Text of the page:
Yep, it’s been a while…and I’ve been, well, let’s just dive on in…
About a year ago, my son, an eight-year old shortstop, on a team full of eight-year baseball players hit a line drive up the middle, and as he’d done many times before, hustled safely to first, easily running through the bag. Then, my eight-year old shortstop turned to the coach and asked for a pinch runner. A. Pinch. Runner. My son played baseball constantly. In our living room. His bedroom. The playroom. The shower. Hell, he slept with his mitt. A pinch runner?
His coach called my husband over. I joined my son in the dugout. There was a small bit of swelling near his right eye. He had a headache. He was tired. But in spite of feeling not-so-great, he didn’t want to leave. If he couldn’t play, he’d watch the game, support his team. Patiently, I suggested he let his team win this one, rest up, and play in the next game—tomorrow.
Except he wouldn’t play for months.
Back at home, his eye continued to swell, now accompanied by some pain. Concerned, I took him to the local hospital where he was diagnosed with a simple eye infection. I was given a prescription for an antibiotic and assured he’d be good-to-go in a couple days. Baseball. Bikes. All the normal eight-year old stuff.
Except the antibiotic failed to work.
The swelling continued; the headache came back, along with a lot more pain. Now long past concern, my husband and I raced him to the city’s Children’s Hospital, where our son was rushed to the ER and plugged into a bunch of machines. IV antibiotics. CT scans. Emergency surgery.
Not an eye infection. My son was suffering with something called Puffy-Potts tumor, a rare bacterial infection in the sinus and it was pressing like a tumor against his optic nerve and his Dura membrane. Against his brain.
Doctors came in and out. Emergency. Neurology. Ophthalmology. Infectious. Intensive Care. And yet, throughout the week in the hospital, I stayed calm. Eerily calm. Processing information. Making decisions. Only when a volunteer stopped in to give my son a stuffed lizard did my calm desert me. “He’ll be okay,” she said. And I realized there was concern that my son might die.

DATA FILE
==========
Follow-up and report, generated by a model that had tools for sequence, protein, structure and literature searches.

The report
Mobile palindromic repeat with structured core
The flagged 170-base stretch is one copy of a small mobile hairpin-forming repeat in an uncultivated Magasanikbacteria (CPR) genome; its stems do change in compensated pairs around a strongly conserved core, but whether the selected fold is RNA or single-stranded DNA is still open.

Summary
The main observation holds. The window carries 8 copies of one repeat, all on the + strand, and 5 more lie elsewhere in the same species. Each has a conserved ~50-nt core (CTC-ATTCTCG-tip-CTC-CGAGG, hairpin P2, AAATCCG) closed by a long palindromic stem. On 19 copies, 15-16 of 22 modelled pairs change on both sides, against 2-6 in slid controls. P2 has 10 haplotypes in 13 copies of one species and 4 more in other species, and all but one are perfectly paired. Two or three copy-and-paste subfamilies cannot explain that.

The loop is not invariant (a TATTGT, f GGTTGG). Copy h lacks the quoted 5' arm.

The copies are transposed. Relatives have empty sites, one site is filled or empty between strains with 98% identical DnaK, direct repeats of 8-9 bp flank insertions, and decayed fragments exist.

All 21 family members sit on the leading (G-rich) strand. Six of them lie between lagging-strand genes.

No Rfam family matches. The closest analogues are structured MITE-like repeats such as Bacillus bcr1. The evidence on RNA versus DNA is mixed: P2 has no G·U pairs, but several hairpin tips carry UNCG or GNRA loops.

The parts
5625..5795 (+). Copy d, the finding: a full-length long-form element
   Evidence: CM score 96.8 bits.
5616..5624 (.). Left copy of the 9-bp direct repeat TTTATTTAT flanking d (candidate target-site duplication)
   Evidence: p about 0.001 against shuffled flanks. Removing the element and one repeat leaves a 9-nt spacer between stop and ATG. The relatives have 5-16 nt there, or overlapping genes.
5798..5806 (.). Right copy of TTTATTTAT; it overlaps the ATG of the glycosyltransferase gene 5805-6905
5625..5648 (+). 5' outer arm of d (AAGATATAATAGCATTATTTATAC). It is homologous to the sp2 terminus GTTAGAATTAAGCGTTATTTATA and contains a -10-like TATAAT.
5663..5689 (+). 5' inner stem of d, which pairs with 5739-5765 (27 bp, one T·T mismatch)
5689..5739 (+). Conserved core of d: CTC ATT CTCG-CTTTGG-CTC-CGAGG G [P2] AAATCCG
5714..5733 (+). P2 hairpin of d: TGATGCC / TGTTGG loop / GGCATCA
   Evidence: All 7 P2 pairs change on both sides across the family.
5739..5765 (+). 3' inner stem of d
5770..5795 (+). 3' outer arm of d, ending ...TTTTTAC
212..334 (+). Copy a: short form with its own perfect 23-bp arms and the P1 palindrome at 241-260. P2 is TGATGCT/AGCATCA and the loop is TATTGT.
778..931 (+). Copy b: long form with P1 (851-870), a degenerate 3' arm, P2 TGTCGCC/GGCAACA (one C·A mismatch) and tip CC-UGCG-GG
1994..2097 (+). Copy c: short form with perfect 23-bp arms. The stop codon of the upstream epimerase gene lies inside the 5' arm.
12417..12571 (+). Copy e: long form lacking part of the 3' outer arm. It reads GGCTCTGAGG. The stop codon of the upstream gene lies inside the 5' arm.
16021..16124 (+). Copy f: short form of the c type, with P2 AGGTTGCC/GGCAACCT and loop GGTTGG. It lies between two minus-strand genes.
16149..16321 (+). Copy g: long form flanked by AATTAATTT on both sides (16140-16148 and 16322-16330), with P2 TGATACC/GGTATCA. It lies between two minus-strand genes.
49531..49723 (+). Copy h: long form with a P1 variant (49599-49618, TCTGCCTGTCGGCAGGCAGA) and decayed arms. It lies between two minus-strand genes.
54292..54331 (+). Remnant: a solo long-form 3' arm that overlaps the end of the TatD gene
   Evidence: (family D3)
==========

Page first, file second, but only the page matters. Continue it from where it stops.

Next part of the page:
But I reassembled my calm—what choice did I have?—and my son recovered. We spent the next months at home on antibiotics, limited activity, following up with more doctor appointments and scans. He was going to be fine. But strangely, I was no longer calm.
As I tried to return to normal, all my carefully managed emotions muscled their way back. Tears for no apparent reason, yes, but the feeling at the forefront of my brain? Guilt. Plain, old-fashioned, ugly guilt. Had this been my fault? Had I not been paying enough attention? Should I have been more suspicious of his headache? Or taken antibacterial wipes to that game—the one after which they’d eaten pizza at the field? Shit. Maybe he shouldn’t have been sleeping with that damn mitt. Or was it simpler? Had I been working too much?
Despite reassurances from doctors, my husband, my parents, brothers, friends…I couldn’t shake the guilt. Am I being careful enough? Am I watching enough? Am I hovering? Is he okay? Not okay? Literally making myself crazy. But shaking the guilt is tough. Even yesterday as we decorated for Halloween, the sun zeroed in on the scar on his forehead, practically laser-focused on the constant reminder of those days and months, and I felt the guilt.
But maybe that scar can be a reminder of my son’s incredible strength, too. And maybe—just maybe—he got some of that from me. Better to focus on that than the guilt. I’m working on it.
So, I’m sorry to have dropped off the face of the earth for a bit. Thank you from the bottom of my heart to everyone who reached out wondering where the hell I was, everyone who hung in there with me. I feel lucky to have so many friends, people who care. So, here’s to you, and to the next three-hundred and sixty-five days. Let’s make it The Year of Living Happily Ever After.